Health and Healthcare Systems

These farmers are prospering in the pandemic by delivering straight to homes

Sean Van Zeeland picks tomatoes at Great Oak Farm, Mason, Wisconsin, August 19, 2019. Handout: Chris Duke

Sean Van Zeeland picks tomatoes at Great Oak Farm, Mason, Wisconsin, August 19, 2019. Image: Handout: Chris Duke

Nellie Peyton
Journalist, Reuters Foundation
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  • Farmers are adapting to the pandemic by offering at-home delivery.
  • This is leading to an increase in profits.

With restaurants shut and grocery stores posing a coronavirus risk, some Americans are ordering food directly from the farm - a trend small-scale producers hope will outlast the pandemic.

It could be one of the few economic upsides to a crisis that has emptied high streets and felled business as Americans lock down against the fast-spreading novel coronavirus.

In northern Wisconsin, a farmers' collective said they are making thousands of dollars a week in a season when sales are normally zero.

By selling to people instead of restaurants, Illinois farmers said revenues are close to an all-time high.

Have you read?

    Many farmers are adopting online ordering and home delivery, transforming old-fashioned farms into consumer-friendly outlets.

    "In two or three weeks we accelerated like five to ten years of growth and change in the industry," said Simon Huntley, founder of Harvie, a company based in Pittsburgh that helps farmers market and sell their products online.

    "I think we are getting a lot of new people into local food that have never tried buying from their local farmer before."

    Eating local is lauded as a way to reduce the greenhouse gas emissions of transporting food long distances, although some studies have shown it is not always more climate-friendly.

    Shorter supply chains boost resilience in a crisis and help small-scale sustainable farms, said Jayce Hafner, co-founder of FarmRaise, which helps farmers get grants and loans.

    Growers across the country are vulnerable to economic shocks right now because of labour shortages, supply chain disruptions and fluctuating prices linked to the pandemic, she said.

    "The beauty of the direct-to-consumer app is it allows a farmer to capture the value of their product at a near-to-retail price, and so it's a really attractive option economically for a farmer," Hafner said.

    New expectations

    Chris Duke, who owns a farm in Wisconsin, has managed a community-supported agriculture (CSA) program for years.

    The CSA model gained popularity in the United States more than a decade ago. Typically customers pay a subscription fee to a farm then receive regular boxes of whatever is grown.

    But with the spread of online shopping, shoppers are now used to getting what they want, when they want it, said Duke.

    Jack Kaster prepares a food delivery from Great Oak Farm, Mason, Wisconsin, September 25, 2019.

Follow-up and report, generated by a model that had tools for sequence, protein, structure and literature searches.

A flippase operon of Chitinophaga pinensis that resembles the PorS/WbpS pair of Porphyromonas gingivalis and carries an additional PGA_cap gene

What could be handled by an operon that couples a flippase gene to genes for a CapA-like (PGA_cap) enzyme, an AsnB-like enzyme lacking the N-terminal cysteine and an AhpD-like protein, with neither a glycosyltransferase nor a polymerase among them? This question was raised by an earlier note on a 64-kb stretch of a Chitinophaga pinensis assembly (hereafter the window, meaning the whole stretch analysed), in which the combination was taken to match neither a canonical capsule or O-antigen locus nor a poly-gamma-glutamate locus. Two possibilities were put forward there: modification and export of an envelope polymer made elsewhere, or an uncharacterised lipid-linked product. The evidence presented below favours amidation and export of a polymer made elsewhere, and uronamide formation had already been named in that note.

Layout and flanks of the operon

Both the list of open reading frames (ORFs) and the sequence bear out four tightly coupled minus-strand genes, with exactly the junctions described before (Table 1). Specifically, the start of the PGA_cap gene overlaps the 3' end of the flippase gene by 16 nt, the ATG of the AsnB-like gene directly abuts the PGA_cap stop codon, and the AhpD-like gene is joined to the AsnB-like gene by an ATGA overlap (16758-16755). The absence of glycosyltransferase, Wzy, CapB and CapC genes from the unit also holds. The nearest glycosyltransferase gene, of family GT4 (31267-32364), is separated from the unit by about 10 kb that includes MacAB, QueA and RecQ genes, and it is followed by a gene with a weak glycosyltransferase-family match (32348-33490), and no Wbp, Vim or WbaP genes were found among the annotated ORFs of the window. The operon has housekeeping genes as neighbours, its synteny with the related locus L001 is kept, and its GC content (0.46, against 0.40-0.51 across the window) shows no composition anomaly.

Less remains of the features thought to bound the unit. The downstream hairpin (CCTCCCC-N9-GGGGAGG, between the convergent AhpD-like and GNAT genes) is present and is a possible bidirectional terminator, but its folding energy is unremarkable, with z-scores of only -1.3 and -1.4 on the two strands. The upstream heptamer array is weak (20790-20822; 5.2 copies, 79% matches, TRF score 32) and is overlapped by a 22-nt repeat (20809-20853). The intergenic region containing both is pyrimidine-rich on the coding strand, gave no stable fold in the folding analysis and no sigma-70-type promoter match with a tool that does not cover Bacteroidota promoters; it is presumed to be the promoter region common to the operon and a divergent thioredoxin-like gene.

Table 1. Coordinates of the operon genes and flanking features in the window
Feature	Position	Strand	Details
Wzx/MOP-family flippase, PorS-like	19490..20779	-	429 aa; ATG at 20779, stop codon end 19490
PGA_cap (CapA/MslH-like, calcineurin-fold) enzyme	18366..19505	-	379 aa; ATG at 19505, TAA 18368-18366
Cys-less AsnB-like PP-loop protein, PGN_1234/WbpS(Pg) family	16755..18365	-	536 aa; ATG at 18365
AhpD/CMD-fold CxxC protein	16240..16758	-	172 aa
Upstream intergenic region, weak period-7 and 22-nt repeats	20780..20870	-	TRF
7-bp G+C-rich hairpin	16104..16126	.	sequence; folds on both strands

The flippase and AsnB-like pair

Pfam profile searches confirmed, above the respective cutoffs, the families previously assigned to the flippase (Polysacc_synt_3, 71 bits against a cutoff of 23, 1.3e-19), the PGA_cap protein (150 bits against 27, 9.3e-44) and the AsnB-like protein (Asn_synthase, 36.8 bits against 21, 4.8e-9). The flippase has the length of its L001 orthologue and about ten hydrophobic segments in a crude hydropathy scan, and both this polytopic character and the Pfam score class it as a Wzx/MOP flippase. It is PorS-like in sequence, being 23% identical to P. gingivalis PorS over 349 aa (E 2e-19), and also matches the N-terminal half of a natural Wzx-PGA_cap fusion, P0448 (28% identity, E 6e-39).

Jack Kaster prepares a food delivery from Great Oak Farm, Mason, Wisconsin, September 25, 2019. Image: Handout: Chris Duke

    Using Harvie's platform, his farm and 17 others in the area can offer customers 95 products, from vegetables to honey to meat, and their clients choose just what they want each week.

    They had been thinking of doing this for a while, he said, but were only spurred to make the change when coronavirus hit.

    "I love the CSA model, but the CSA model by itself is 30 years old, and a lot has changed in the food marketplace, in technology, in customer expectations," Duke said. "It's a totally different world now."

    Last week the farms made about $7,000 between them, which is huge for a season when not much is growing, he said.

    He plans to keep the new model after the pandemic wanes.

    Challenges

    Not all of the direct-to-consumer businesses are digital.

    Marty Travis, a farmer in central Illinois, has been the middleman connecting local farms to restaurants for 16 years. He markets the products to chefs in the Chicago area, collects orders and distributes fresh produce each week.

    When the novel coronavirus hit, he shifted gear and started selling to individuals - and was overwhelmed by demand.

    "We could have 1,000 people tomorrow," he said, but can only cater to 200 customers so had to cap orders accordingly.

    He delivers to three dropoff spots in Chicago where people line up to collect - it is not home delivery but challenging nonetheless as farmers are used to bulk orders and packaging.

    Proceeds are huge.

    "We have to find these opportunities to celebrate some positive stuff," said Travis, who is writing a book about how farmers can band together to feed communities.

    Lisa Duff, the owner of a small family farm in Maryland, started offering customized, at-home deliveries last year and said it saved her when the restaurants and farmers' markets she served closed in March.

    Without a delivery person, she does most of the driving herself - which has been tough.

    But she has also seen her customers nearly double.

    "I'm hopeful that this will really truly help us find that local food is here to stay."

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